This film started as a dream for Jeanne Robinson, to bring to the screen a realized vision of zero-gravity dance. The vision first appeared with the publication of Jeanne and Spider Robinson's novella "Stardance." The award winning story became the basis for a novel by the same name, and spawned two sequels "Starseed" and "Starmind." Jeanne's vision was realistic - her goal was to make a short film, a visual piece with little in common with that story but the actual act of zero-gravity dance along with some of the humanistic and spiritual subtext that infused the original series. After James Sposto got involved the vision jumped up - or perhaps we should say "scaled WAY up" to the development of an "IMAX" large format version.
Developing for the Giant Screen:
The proposed picture, now a 40 minute piece, seemed to have the right stuff for the GIANT screen - and Ms. Robinson and Mr. Sposto pursued the development of this ambitious project. The pair created outlines, prepared and refined a treatment, and started writing the screenplay. They even shot test footage in actual Zero-G, blogged of thier experiences and developed a proposal to woo sponsors and investors.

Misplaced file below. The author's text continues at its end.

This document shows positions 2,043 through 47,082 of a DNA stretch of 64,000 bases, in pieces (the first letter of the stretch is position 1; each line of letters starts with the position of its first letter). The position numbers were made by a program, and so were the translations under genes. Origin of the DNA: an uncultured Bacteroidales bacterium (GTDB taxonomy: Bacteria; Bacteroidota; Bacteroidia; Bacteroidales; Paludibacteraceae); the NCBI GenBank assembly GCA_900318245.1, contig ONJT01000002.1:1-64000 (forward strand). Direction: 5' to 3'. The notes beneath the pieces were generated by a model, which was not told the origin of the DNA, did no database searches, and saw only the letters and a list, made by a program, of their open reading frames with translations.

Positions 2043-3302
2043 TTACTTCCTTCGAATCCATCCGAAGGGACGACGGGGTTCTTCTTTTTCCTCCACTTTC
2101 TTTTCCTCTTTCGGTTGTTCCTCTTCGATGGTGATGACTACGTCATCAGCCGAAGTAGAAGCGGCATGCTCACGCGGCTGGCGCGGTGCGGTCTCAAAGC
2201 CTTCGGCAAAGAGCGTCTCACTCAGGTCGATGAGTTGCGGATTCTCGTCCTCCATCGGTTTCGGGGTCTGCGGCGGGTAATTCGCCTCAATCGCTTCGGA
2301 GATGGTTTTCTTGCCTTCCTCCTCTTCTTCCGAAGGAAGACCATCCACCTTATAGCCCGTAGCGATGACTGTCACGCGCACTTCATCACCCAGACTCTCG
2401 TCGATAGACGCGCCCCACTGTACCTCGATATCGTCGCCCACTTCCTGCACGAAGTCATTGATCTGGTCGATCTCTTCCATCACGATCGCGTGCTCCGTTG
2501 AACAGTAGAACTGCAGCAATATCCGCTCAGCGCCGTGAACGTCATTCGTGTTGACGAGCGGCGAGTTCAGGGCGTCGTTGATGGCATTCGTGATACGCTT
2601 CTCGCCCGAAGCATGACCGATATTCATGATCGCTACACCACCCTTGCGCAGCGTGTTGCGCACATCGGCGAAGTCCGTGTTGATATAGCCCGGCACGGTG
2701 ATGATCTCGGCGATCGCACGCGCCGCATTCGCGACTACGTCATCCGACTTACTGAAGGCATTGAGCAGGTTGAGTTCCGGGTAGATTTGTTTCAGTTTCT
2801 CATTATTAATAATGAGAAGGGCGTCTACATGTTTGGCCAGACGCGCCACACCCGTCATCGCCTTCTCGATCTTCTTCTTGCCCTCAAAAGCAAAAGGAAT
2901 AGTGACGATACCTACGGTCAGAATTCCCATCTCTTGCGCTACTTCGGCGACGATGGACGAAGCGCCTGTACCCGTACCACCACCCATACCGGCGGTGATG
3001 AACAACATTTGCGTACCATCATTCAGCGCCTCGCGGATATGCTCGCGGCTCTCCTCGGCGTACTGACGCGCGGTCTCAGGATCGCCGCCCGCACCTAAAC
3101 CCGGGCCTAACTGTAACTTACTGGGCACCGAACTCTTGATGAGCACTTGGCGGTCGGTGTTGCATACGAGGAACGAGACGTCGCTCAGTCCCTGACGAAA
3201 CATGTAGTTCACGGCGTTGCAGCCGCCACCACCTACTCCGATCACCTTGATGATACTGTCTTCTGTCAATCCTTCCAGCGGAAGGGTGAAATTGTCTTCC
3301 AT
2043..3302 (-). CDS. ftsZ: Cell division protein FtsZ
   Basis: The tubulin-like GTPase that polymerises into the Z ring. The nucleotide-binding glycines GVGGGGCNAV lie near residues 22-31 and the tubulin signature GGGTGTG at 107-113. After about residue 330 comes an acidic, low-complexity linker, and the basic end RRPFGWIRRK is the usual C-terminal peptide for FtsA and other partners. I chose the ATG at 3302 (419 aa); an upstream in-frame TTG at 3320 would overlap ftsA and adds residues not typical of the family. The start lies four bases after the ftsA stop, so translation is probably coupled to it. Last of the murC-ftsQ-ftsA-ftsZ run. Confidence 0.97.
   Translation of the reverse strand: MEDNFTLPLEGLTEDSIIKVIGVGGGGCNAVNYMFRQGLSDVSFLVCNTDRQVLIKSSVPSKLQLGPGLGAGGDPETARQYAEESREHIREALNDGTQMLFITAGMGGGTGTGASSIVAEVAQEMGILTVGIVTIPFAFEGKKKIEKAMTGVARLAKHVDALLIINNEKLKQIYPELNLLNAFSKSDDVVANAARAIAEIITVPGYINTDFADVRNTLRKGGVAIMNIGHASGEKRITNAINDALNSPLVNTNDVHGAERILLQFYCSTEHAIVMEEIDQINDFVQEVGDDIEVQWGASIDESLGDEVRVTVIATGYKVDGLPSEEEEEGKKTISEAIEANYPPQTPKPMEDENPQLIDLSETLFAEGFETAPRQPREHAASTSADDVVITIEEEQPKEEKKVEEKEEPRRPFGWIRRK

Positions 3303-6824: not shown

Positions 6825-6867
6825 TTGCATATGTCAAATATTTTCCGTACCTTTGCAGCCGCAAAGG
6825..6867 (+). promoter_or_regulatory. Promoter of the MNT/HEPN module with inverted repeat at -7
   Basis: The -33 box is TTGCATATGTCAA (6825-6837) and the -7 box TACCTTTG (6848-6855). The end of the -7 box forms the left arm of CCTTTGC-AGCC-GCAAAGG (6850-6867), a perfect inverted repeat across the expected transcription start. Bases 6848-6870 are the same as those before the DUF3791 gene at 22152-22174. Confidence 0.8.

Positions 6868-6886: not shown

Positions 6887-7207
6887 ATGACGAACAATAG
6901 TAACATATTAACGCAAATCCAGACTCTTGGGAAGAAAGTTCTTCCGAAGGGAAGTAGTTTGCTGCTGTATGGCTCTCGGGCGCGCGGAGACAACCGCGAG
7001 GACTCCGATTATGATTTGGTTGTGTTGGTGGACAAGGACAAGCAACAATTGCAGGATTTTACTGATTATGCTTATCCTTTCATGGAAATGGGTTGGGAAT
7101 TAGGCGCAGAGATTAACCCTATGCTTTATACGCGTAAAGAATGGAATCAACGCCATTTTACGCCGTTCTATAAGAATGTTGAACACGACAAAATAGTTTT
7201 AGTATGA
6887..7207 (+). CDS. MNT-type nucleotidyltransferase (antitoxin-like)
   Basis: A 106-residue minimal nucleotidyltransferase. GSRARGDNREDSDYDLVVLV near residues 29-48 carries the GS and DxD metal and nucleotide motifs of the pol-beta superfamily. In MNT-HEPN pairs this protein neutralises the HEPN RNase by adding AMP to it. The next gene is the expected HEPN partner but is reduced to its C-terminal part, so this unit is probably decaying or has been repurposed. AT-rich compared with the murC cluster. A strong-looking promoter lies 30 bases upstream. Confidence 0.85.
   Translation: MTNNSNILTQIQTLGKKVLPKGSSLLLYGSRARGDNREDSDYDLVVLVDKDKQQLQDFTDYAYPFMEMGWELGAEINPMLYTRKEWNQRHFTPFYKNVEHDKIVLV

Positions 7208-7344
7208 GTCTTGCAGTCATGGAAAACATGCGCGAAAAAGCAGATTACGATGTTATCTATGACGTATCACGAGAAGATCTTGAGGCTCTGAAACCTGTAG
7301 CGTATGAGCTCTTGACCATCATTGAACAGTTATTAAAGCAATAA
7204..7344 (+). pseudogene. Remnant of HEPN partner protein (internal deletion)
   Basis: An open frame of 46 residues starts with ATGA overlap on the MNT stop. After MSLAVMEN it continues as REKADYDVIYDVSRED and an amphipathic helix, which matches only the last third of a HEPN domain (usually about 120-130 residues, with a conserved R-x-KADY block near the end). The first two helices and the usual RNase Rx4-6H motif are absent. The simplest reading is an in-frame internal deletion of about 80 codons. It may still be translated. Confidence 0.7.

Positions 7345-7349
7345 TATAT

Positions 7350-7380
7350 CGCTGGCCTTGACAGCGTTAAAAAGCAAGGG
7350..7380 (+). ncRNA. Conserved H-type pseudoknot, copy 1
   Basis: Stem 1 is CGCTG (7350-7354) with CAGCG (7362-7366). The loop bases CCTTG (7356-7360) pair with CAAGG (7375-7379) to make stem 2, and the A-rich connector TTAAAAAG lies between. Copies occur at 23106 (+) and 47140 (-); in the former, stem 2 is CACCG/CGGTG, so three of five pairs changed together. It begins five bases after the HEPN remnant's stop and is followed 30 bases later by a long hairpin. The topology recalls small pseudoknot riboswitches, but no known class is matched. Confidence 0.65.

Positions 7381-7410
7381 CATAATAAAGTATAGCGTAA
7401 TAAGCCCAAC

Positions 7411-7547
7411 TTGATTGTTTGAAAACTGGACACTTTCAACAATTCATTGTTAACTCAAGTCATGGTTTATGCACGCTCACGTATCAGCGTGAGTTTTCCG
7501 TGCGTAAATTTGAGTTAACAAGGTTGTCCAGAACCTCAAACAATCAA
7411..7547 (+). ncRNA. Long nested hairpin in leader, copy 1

The story was now loosely based on the original trilogy - described thus:
"Our story follows dancer and dreamer Treya Anderson, an artist who has yearned all her life to break the bonds of gravity and create a brand new artform: zero-gravity dance. But Treya knows her dreams are likely to stay just that – dreams - and so she applies her art to translate that vision to an earthly stage, choreographing a dance for the company she directs that speaks of the unbound freedom of zero-G, and the unequalled peace and serenity to be found in space.
That dance's premiere catches the eye of maverick space industrialist Peter da Silva, perhaps the only person who not only shares her dream, but has the means to help her achieve it. With his encouragement and backing, Treya finds herself in High Orbit, preparing her first work of zero-G choreography for a planet-wide premiere.
But there may be a far larger audience watching than she, da Silva or anyone else suspects…"
A New Direction:
In September 2008 the filmmakers attended the GSCA conference in NYC to learn the state of the industry for Giant Screen and IMAX cinema, and to gauge the market for their project. Presenting their film in development to the distributors and film buyers was an overall positive experience. They and their project were well received - but they soon realized that the market for such films was more unstable than they had expected. Ever keen to the changing winds the filmmakers regrouped to discuss their best options going forward.
Only one answer seemed to make sense, forget the "Inspired By" version of the story, and adapt the original story to the screen as a full-length feature. In the production blog both Jeanne and Jim write about their decision - a decision that was truly inevitable. Now armed with a years worth of research and story development along with a solid proven piece with a built in audience of worldwide fans the filmmakers are setting forth to create a true-to-the-original feature length adaptation.
Stay tuned, and thanks for your support.